COVID-19 crisis prompts second term for City Corporation’s Chief Commoner
A senior councillor and former journalist with a historic ceremonial role at the City of London Corporation will serve an extra year in office to ‘ensure continuity’ as the coronavirus pandemic continues.
Brian Mooney was elected as Chief Commoner in October last year and took office in April for what would normally be a one-year term in the post – a position which was first created in 1444.
However, at the invitation of the Court of Common Council – the City Corporation’s top decision-making body – he will continue in office until April 2022, subject to formal re-election.
The Chief Commoner, by convention a senior elected Member, acts as an ambassador at ceremonial occasions, works to uphold the rights and privileges of his peers and is responsible for City Corporation hospitality.
Earlier this year, it was announced Lord Mayor William Russell and Sheriffs Alderman Professor Michael Mainelli and Christopher Hayward would also serve an extra year in office to ensure continuity of leadership during the pandemic.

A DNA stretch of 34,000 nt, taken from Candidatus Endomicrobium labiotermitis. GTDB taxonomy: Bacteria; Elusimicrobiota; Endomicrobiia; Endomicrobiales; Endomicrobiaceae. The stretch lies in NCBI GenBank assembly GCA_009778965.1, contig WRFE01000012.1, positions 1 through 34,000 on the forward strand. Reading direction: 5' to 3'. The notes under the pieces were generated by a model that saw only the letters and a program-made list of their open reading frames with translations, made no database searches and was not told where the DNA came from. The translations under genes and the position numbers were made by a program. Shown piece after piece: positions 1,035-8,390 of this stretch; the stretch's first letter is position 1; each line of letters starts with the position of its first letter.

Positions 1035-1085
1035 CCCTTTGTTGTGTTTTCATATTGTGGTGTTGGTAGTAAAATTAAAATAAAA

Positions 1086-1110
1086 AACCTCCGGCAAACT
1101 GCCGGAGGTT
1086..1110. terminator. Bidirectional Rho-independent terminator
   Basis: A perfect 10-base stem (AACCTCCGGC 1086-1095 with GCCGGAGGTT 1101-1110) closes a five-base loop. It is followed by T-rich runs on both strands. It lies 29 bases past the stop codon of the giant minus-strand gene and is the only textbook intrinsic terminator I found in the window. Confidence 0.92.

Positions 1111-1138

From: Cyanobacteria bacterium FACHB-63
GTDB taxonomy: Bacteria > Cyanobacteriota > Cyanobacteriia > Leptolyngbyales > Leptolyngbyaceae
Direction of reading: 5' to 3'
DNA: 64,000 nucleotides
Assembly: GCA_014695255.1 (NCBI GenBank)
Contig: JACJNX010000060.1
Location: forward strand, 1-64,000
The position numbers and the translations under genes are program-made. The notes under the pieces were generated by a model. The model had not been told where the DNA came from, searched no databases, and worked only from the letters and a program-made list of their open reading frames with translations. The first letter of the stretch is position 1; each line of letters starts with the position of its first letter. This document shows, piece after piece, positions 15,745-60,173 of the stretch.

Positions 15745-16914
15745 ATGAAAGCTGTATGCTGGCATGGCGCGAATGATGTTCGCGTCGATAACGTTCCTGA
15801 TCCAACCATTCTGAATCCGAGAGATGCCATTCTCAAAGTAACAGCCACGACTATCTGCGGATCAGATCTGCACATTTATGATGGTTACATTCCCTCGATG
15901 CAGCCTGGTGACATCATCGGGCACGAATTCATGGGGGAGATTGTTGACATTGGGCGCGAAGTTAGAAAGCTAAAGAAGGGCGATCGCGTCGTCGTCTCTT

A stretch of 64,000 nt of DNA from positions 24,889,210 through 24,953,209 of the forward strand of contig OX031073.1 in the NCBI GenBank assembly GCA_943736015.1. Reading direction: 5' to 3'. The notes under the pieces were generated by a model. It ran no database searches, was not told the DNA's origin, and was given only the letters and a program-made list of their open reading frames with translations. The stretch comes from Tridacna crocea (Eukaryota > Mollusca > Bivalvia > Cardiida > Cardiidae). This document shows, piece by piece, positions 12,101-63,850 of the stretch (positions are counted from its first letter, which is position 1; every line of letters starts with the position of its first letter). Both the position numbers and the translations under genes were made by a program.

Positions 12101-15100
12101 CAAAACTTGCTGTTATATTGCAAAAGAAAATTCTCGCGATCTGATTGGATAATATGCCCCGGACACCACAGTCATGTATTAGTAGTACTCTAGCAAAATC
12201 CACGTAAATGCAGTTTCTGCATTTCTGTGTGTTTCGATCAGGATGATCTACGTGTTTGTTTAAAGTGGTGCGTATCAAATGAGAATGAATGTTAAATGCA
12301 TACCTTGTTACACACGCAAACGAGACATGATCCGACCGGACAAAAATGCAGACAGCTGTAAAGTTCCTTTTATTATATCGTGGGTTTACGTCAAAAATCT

Brian Mooney, the City of London Corporation’s Chief Commoner, said:
“I am serving a second term, in line with the Lord Mayor and Sheriffs, in order to ensure continuity through the COVID-19 pandemic.
“It has been an honour to serve in a position steeped in history but with a valuable role in representing the City Corporation, acting as a voice for fellow elected Members and working to uphold the discipline and integrity of the Court of Common Council.
“This has certainly been a challenging time to take on the job and the restrictions imposed on us by COVID-19 mean that in many ways I’ve had to act as the City Corporation’s first ‘Virtual Chief Commoner’.
“The pandemic has been an exceptionally difficult time for the City, as for the rest of London and the UK, and we will face many more challenges as we move from the crisis into the recovery phase.”
Mr Mooney worked as a foreign correspondent and editorial executive for Reuters for 30 years, has published six books and speaks a variety of languages. He was first elected to the Court of Common Council in 1998 to represent the ward of Queenhithe, where he lives.